Pinehurst resort is on every golfer’s bucket list. For those that have been there, they will never play a round with a stranger and not brag about the time they went to North Carolina. For those that haven’t been, they can only dream about trying to replicate the putt Payne Stewart made to win the 1999 United States Open and throw the signature Payne fist pump as they watch it roll in center-cut. In October, I made my way to North Carolina for the second time, and even during a pandemic I couldn’t deter the excitement building as I was preparing to go on the golf adventure of a lifetime.
After flying into Charlotte, I made the two-hour jaunt that featured a random 30-minute standstill delay about 45 minutes from the resort. I arrived only about 20 minutes before my scheduled tee time and was amazed at how quickly the staff was able to get my bags and get me checked in, so I was able to make it to the first tee shot of many. A short 90 second drive from the Carolina hotel to the main golf hub had me at the first tee of The Cradle about three minutes before 2:00.
The Cradle is one of the newest additions to the resort property. Opened in 2017, this Gil Hanse nine-hole short course is as much fun as any golf experience you will have. The longest hole plays at just 127 yards, meaning most players need no more than about 5 clubs to complete the loop. I chose my three wedges and a putter, which I slid into one of The Cradle’s lightweight Sunday bags with a couple golf balls just before teeing off.
The entire nine took just about 40 minutes, and that was with a stop for a cold oat soda at the retrofit airstream style camper that sits on a hill on the east side of the 10-acre plot of land. Hanse did an exceptional job utilizing the landscape, with some elevation changes that will require precise wedge play, and greens that are a worthy tip of the cap to Donald Ross’ greens on the No. 2 course, which anyone will tell you can be, um, adventurous.
The Cradle is a fantastic addition to the resort, with a laid-back feel and a party vibe. Speakers across the nine-holes pipe in music, and groups playing are almost always enjoying cocktails knowing it won’t be a four-hour grind as it is on a normal course. Want to play The Cradle barefoot? Knock yourself out. Want to make some outlandish bets on who will be closest to the pin? That’s welcome too. And if you have kids in tow that aren’t quite ready for the challenge of an 18-hole course, take them along and let them make a few swings and roll a few putts while mom and dad enjoy a beverage. The Cradle is absolutely perfect in every way whether it be for the experienced player looking to have some fun, or the family looking to keep children entertained, there is nothing like it.
After finishing my time at The Cradle, I still had plenty of daylight left and needed something to kill some time. Right next to the Hanse designed short course lies the Thistle Dhu putting course. This attraction is free to all staying at the resort and is an homage to the legendary Himalayas Course at The Old Course at St. Andrews. The 18-hole putting green will test your flat-stick in ways you never thought possible. Each “tee” has convenient cupholders for your cocktail or beer as you line up your ball and prepare to send it toward the awaiting hole. Believe me when I tell you, this putting track will be as enjoyable as anything you will do while you’re on property.
Through 18 holes, you will be faced with a cornucopia of slick, sliding putts that will have you holding on trying to avoid three-putts or even worse. Although most of the putts you face aren’t more than 35 feet, some of the hole locations are downright laughable, as you find yourself giggling as the ball rolls past the cup, and keeps rolling, and rolling, and rolling. There are some that are makeable, and some that are downright comically impossible to hole, leaving you just hoping to three or even four-putt. I can only imagine playing this course with friends and dropping some coin down betting on whether you can get a particular putt down in two as you enjoy beverages.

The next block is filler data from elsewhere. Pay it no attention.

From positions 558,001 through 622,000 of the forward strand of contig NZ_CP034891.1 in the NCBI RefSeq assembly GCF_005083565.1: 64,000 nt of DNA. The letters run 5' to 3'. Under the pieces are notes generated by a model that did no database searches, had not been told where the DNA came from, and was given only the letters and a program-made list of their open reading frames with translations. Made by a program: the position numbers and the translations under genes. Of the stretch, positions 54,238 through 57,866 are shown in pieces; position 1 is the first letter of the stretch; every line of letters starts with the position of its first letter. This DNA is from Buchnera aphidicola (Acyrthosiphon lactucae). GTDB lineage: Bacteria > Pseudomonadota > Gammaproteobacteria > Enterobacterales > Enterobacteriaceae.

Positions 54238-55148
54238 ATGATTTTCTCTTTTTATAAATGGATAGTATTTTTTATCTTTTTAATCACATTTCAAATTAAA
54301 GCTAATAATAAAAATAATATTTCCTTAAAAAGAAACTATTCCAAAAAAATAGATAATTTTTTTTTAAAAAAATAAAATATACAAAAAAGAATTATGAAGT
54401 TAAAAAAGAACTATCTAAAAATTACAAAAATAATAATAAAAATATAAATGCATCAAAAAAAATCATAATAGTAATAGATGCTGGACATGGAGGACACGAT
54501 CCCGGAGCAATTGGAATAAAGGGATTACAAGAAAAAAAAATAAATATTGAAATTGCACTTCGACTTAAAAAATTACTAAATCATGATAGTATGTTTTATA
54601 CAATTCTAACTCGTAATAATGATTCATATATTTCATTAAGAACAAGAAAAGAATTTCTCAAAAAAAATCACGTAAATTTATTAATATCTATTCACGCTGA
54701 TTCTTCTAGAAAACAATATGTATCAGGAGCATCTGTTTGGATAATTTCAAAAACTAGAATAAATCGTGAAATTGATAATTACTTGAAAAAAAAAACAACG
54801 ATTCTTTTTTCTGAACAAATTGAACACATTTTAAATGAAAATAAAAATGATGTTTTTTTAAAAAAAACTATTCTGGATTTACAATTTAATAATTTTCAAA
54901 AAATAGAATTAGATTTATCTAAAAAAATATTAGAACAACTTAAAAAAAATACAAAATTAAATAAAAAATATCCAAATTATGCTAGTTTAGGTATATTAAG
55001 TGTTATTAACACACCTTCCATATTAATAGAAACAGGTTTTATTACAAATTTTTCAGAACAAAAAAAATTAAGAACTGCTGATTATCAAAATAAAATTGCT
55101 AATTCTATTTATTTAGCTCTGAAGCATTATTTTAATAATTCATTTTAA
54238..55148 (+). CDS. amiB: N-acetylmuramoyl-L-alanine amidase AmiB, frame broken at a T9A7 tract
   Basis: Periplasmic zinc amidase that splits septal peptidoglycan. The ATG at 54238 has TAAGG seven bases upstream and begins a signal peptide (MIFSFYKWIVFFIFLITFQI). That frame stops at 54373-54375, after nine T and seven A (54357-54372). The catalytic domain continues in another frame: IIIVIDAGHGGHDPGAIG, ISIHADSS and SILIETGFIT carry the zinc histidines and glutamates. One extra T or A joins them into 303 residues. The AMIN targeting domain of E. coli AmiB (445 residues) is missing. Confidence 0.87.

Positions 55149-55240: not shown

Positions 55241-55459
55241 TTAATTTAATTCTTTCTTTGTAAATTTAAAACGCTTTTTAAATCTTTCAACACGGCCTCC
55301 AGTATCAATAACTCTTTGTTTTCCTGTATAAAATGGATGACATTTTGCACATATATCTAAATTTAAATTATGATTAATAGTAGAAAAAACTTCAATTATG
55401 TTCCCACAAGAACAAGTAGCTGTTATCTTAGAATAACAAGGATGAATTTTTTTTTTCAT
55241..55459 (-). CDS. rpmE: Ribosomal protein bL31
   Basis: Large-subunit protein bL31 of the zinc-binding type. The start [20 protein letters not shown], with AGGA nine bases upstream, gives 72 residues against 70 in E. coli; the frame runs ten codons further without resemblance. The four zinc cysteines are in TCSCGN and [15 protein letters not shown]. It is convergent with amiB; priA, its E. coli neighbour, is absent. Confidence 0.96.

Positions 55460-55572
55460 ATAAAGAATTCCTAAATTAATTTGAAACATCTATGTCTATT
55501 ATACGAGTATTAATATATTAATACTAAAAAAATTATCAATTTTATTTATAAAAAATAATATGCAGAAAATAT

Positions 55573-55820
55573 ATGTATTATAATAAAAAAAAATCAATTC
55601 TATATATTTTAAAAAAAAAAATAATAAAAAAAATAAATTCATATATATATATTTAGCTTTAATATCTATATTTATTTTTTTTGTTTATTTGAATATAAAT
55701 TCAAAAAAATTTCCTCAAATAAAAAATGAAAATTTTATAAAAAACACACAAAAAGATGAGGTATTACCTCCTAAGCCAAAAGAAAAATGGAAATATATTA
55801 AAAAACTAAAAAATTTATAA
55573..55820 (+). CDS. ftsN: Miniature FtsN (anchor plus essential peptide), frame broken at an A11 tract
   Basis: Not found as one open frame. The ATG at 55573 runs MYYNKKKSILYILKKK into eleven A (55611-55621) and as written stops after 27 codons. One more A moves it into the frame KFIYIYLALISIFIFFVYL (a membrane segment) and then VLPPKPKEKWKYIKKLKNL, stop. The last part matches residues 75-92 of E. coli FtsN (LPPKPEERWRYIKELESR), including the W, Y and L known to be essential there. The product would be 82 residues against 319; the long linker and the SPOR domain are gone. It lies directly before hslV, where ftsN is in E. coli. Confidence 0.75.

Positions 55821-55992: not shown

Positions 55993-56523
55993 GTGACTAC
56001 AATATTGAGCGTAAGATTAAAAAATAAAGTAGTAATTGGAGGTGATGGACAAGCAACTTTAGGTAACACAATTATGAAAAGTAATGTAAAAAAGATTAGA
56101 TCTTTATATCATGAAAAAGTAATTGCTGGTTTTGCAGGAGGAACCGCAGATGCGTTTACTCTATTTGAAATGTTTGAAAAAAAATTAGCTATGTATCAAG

You can certainly play fast and get done in about 20 minutes, or if you plan on taking it seriously and want to read and mark every putt, it could potentially take double that amount of time. Either way, it couldn’t be more fun for you and your group and is a fantastic way to burn some time as you wait on your upcoming round or dinner plans.
After a great afternoon of amuse-bouche for my golf taste buds, it was off to a quick dinner and to get rested up for day two at Pinehurst, which would feature one of the most celebrated courses on the face of the Earth.
My second day was an early riser, as I had a 9:00 tee time at the No. 2 course. Pinehurst No. 2 is world renowned for being the host site for three United States Open championships, the first of which was contested there in 1999 when Payne Stewart holed a dramatic par putt on the 72nd hole to hold off Phil Mickelson by a single shot. The iconic moment is immortalized with a statue of Stewart just a few feet from the 18th green.
In September, the USGA announced Pinehurst is the first anchor site of the U.S. Open, with the championship returning to Pinehurst in 2024, 2029, 2035, 2041 and 2047. This is the first such commitment by the USGA to award a course with multiple U.S. Open championships in one shot.
The course, which was originally designed by Donald Ross in 1907 and then restored to capture its roots by Bill Coore and Ben Crenshaw in 2010, has long been known to fans around the world as one of the most majestic and challenging layouts in the game of golf.
No. 2 is simply stunning in every conceivable way. It is a course that is surprisingly playable off the tee, with only one water feature in play and fairways that are easily hit with solid golf shots. When Coore/Crenshaw came in and returned the course to its early design, they eliminated all of the ways it had been Americanized over the years, removing rough, exposing sand capped waste areas and re-planting native grasses that sent the course back in time to the way Ross had originally conceived it. Should a ball off the tee sail wayward, expect to find it, as there is little out of bounds in play. Now, that’s not to say it can’t be done, but tee balls need be quite wayward to require a re-load. In fact, my caddy for the day, who was named Donovon, told me on the first tee box: “We’re only using one golf ball today”. Despite my best efforts on a couple of tee shots, he was proven right, as I kept my Titleist for the entire round.